The Beatles…Ranking The Songs On Each Album

It gives you a different perspective of The Beatles’ albums when you see the tracks listed in the order of quality.  If you’re trying to find the elusive answer to which Beatles album is the best, you can compare the lists of songs to see which you think has the greatest number of their best songs.  This method also lets us see the peaks for each of the songwriters.

After enjoying The Beatles since 1964, and years of programming their songs on multiple radio stations…here’s how I rank the tracks for each of their original British albums.  See how the lists match-up with your own thoughts about these songs.  (Each list can be enlarged with a click.)

On their first album, The Beatles had two of their very best rock recordings, “I Saw Her Standing There” & “Twist And Shout”.  The latter is the song they played the most during their touring years.  Because of its strong melody, “P.S. I Love You” is listed just ahead of the historically more important “Love Me Do”.  It’s too bad “From Me To You”, was not ready for the album, since they included six cover songs.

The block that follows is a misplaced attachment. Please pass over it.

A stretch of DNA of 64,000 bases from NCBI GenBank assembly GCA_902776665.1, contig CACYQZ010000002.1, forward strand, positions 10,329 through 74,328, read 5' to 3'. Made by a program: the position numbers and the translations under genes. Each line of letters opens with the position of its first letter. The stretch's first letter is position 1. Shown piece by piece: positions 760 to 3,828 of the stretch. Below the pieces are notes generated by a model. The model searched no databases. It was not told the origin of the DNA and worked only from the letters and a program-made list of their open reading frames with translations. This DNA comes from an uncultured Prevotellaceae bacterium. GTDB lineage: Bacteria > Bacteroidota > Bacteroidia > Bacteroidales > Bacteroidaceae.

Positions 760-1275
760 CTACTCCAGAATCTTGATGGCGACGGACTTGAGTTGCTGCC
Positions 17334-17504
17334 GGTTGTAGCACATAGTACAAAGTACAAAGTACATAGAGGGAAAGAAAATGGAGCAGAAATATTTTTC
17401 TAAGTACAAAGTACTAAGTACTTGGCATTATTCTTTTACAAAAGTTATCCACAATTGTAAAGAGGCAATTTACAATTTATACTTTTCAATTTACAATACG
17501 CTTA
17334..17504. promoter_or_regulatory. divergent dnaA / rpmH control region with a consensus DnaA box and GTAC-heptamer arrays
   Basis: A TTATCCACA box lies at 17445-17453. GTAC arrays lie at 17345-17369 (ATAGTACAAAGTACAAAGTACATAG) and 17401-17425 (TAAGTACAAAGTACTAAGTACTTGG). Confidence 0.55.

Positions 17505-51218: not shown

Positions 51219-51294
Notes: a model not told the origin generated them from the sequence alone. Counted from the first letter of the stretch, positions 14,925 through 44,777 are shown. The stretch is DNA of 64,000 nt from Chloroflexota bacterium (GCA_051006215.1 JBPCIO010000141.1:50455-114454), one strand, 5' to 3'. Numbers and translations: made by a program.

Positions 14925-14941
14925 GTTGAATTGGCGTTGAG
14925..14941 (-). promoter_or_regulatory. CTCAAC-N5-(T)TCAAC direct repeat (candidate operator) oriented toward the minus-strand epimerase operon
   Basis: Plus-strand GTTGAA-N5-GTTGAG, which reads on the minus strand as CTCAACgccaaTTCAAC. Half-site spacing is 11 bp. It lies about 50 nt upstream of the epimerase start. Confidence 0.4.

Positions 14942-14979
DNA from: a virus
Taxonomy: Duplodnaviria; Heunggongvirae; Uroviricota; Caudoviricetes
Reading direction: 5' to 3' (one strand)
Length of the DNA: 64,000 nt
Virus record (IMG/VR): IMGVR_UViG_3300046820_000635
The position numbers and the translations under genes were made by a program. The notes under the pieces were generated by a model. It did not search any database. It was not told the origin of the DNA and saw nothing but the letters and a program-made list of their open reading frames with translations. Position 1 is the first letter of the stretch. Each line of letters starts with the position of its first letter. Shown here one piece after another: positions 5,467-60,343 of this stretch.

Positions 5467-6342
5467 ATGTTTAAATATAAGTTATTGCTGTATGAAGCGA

The second album by The Beatles didn’t have any singles, even though “I Want To Hold Your Hand”, “This Boy”, and “She Loves You” were available to be included.  “All My Loving” is the obvious choice for what could have been a single, and was the first song they played on The Ed Sullivan Show.  “Money” is another great rock vocal by John Lennon, and The Beatles put their own touches to R&B songs “You Really Got A Hold On Me” and “Please Mister Postman”.

A Hard Day’s Night is the first album of all original songs by John Lennon and Paul McCartney.  The first ten songs on the list are especially strong, even though this 1964 album was still early in The Beatles’ career.  In the U.S., we only had seven of these songs on the Hard Day’s Night movie soundtrack.  Having the whole album shows how great it really is.  This list starts with two #1 hits, followed by one of McCartney’s best ballads, and the quality continues down the list.